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lec15 - MIT OpenCourseWare http/ocw.mit.edu 7.88J Protein...

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MIT OpenCourseWare http://ocw.mit.edu 7.88J Protein Folding Problem Fall 2007 For information about citing these materials or our Terms of Use, visit: http://ocw.mit.edu/terms .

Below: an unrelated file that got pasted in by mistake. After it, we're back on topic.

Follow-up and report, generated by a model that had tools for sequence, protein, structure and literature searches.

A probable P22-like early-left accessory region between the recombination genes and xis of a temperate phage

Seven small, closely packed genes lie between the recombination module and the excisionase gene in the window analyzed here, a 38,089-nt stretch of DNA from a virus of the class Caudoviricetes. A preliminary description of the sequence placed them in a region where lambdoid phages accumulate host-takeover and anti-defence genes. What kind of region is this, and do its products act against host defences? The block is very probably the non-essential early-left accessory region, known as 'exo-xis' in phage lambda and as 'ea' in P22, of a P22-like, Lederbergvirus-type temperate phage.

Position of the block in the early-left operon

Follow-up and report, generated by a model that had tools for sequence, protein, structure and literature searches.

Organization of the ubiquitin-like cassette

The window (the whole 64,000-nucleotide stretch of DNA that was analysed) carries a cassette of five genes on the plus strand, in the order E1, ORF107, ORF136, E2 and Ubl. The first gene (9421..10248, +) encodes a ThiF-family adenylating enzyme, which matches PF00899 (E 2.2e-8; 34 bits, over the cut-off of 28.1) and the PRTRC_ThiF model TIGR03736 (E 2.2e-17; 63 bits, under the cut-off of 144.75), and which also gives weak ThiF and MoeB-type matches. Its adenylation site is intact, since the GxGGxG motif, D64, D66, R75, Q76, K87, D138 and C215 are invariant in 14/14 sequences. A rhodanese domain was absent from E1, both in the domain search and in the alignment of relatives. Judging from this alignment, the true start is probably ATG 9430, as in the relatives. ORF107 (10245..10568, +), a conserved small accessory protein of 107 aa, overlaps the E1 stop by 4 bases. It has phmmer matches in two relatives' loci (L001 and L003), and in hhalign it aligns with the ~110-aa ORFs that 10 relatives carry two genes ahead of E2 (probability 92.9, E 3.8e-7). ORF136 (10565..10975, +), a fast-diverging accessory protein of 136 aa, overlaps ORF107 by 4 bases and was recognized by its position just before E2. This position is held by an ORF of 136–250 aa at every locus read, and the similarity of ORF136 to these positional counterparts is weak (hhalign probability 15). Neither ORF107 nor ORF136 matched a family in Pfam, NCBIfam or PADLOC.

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7.88 Lecture Notes - 15 7.24/7.88J/5.48J The Protein Folding Problem Ribosomes and In Vivo Folding A. Ribosomes Ribosomes: Source of all Proteins! In prokaryotes, all ribosomes within cytoplasm; However, multiple delivery compartments: PP chains >> cytoplasm PP Chains >> inner membrane PP chains >> organelles e.g. flagellum PP chains >> through membrane to periplasm PP chains >> through membrane and periplasm to outer membrane PP chains >> secreted outside cell. Export pathways use protein channels - poorly defined, very active area of research; Polypeptide chains have a leader sequence whose recognition brings them to channel; this is recognized by a leader peptidase, which cleaves off leader sequence, coupled to transit. In Eukaryotes: Cytoplasm Exported through Endoplasmic reticuluum (Signal Recognition Particle) > Golgi> export Imported into Mitochondria or chloroplasts Translocated to Nucleus Inserted into Membranes: Many others, e.g. lysosomes Rate of Prokaryotic Cytoplasmic Protein Synthesis: Forschammer and Lindahl (1971) J. Mol. Biol. 55, 563-568. About 20,000 ribosomes/cell in rapidly growing E. coli Rate of synthesis = 21aa/second/ribosome in coli growing in broth at 37 o C.
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